# Database parameters

# Database blocks should be large in data warehouses. This improves
# performance for operations involving large amounts of data.
db_block_size = 8192

# For a large data warehouse, db_files should be set to a large value.
#db_files = 1000

# Memory parameters

# In a data warehouse, the majority of physical memory will be
# allocated for the one of the following two purposes:
#    Runtime memory: used for sorting and hashing data during query processing
#       (governed by the parameter pga_aggregate_size)
#    Data caching: used to accelerate performance by avoid disk accesses
#       (governed by the parameter db_cache_size)
# Additionally, a significant amount of memory may need to be allocated for:
#    Shared pool: used for storing shared memory constructs
#       (governed by the parameter shared_pool_size)
#    Large pool: used during parallel-execution processing
#       (governed by the parameter large_pool_size)
# Memory is managed globally. The DBA should first determine how much
# memory is available for Oracle to use. Then, the DBA should choose
# memory parameters so that pga_aggregate_size + db_cache_size +
# shared_pool_size + large_pool_size is roughly equal to the amount
# of memory available for the Oracle database.
# For example, suppose that a DBA is managing a small data mart. The
# data mart server has 1GB of physical memory. The DBA has determined
# that 500M of memory will be used by the operating system and other
# applications, so that 500M is available for Oracle.
# The DBA may choose the following settings:
#   shared_pool_size = 50M
#   pga_aggregate_size = 200M
#   db_cache_size = 200M
#   large_pool_size = <default>
# The total memory utilization is 450M plus a system-determined value
# for the large pool.
# The following sections discuss each of these memory-related
# parameters in more detail. These examples assume that the data
# warehouse server has 1GB, 8GB, and 16GB respectively for small,
# medium, and large configurations.

# Runtime memory (the memory used for sorting and hashing during query
# execution) is automatically and globally managed when the
# pga_aggregate_target parameter is set. For data warehouse workloads
# which involve sorts and joins of large volumes of data, the
# pga_aggregate_target should be set to a large value.
# pga_aggregate_target should, in general, be equal to 20-80% of the
# available memory, depending on the workload. The values below assume
# a mixed data-warehouse workload.
# This parameters (introduced in Oracle9i) replaces all of the
# following parameters: hash_area_size, sort_area_size,
# create_bitmap_area_size, and bitmap_merge_area_size

pga_aggregate_target = 30M                                #DEMO
#pga_aggregate_target = 200M                              #SMALL
#pga_aggregate_target = 3000M                             #MEDIUM
#pga_aggregate_target = 6000M                             #LARGE

# The database cache is also a globally-managed portion of memory. The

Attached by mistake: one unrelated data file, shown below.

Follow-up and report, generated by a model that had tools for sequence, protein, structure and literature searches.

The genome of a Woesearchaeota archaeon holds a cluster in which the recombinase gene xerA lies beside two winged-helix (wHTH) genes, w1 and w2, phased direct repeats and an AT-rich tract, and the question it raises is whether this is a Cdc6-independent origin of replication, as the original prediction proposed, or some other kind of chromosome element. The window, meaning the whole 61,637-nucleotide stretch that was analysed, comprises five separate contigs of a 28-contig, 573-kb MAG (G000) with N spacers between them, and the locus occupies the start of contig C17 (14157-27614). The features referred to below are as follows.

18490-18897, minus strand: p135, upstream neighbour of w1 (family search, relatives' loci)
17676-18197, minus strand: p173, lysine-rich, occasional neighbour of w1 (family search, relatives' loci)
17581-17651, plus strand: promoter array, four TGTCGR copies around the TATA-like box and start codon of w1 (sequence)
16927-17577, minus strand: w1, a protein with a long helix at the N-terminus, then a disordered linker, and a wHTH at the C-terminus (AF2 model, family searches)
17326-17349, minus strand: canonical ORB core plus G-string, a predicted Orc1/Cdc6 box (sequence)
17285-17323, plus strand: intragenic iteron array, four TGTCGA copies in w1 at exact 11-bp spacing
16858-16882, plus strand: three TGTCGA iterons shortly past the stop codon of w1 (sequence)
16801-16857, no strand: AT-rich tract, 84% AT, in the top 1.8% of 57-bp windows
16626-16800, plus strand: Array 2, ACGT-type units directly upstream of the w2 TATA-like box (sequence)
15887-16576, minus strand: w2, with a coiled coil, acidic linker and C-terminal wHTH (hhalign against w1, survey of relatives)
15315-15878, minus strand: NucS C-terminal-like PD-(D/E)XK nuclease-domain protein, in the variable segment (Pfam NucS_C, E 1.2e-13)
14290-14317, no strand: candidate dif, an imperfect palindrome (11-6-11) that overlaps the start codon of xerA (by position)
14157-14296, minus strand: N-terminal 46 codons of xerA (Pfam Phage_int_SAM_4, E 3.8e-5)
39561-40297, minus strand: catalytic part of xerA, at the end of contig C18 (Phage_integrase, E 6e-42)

# database cache should be set to a large value for data warehouse
# workloads which involves short-running queries and/or the access of
# small tables and indexes.
# db_cache_size should, in general, be equal to 20-80% of the
# available memory, depending on the workload. The values below assume
# a mixed data-warehouse workload.

db_cache_size = 30M                                #DEMO
#db_cache_size = 200M                              #SMALL
#db_cache_size = 3000M                             #MEDIUM
#db_cache_size = 6000M                             #LARGE

# Shared pool size should be, in general, equal to 5-10% of the
# available memory. Data warehouses typically do not require as much
# memory for shared pool as OLTP systems.

shared_pool_size = 20M                                   #DEMO
#shared_pool_size = 50M                                  #SMALL
#shared_pool_size = 400M                                 #MEDIUM
#shared_pool_size = 800M                                 #LARGE

# The default for large_pool_size should appropriate for most
# environments.
# The Large Pool is used for several purposes. In a data warehouse the
# majority of the space in the Large Pool will be used for
# parallel-execution internal message buffers. The amount of memory
# required by parallel-execution is proportional to the product of the
# number of concurrent parallel-execution users and the square of the
# number of CPU's.
# The documentation describes in detail how to estimate the default size
# of the Large Pool, and the conditions under which this parameter
# should be set explicitly.
# Here are some very general estimates on the amount of memory required
# for the Large Pool based on the number of CPU's:
#    4 cpus:  5M  (with parallel_threads_per_cpu = 4)
#    8 cpus:  5M  (with parallel_threads_per_cpu = 2)
#    8 cpus: 20M  (with parallel_threads_per_cpu = 4)
#   16 cpus: 20M  (with parallel_threads_per_cpu = 2)
#   32 cpus: 80M  (with parallel_threads_per_cpu = 2)
# The Large Pool is only used for parallel-execution message buffers
# when parallel_automatic_tuning is enabled. If
# parallel_automatic_tuning is not utilitized, then parallel-execution
# message buffers are stored in the shared pool, and the
# shared_pool_size parameter should be adjusted appropriately.

# Parallel Execution parameters

# Parallel execution parameters were greatly simplified in Oracle8i.
# Data warehouses developed on older releases of Oracle may use
# different init.ora parameters. While these older parameters continue
# to be supported, these parameters below are recommended for all new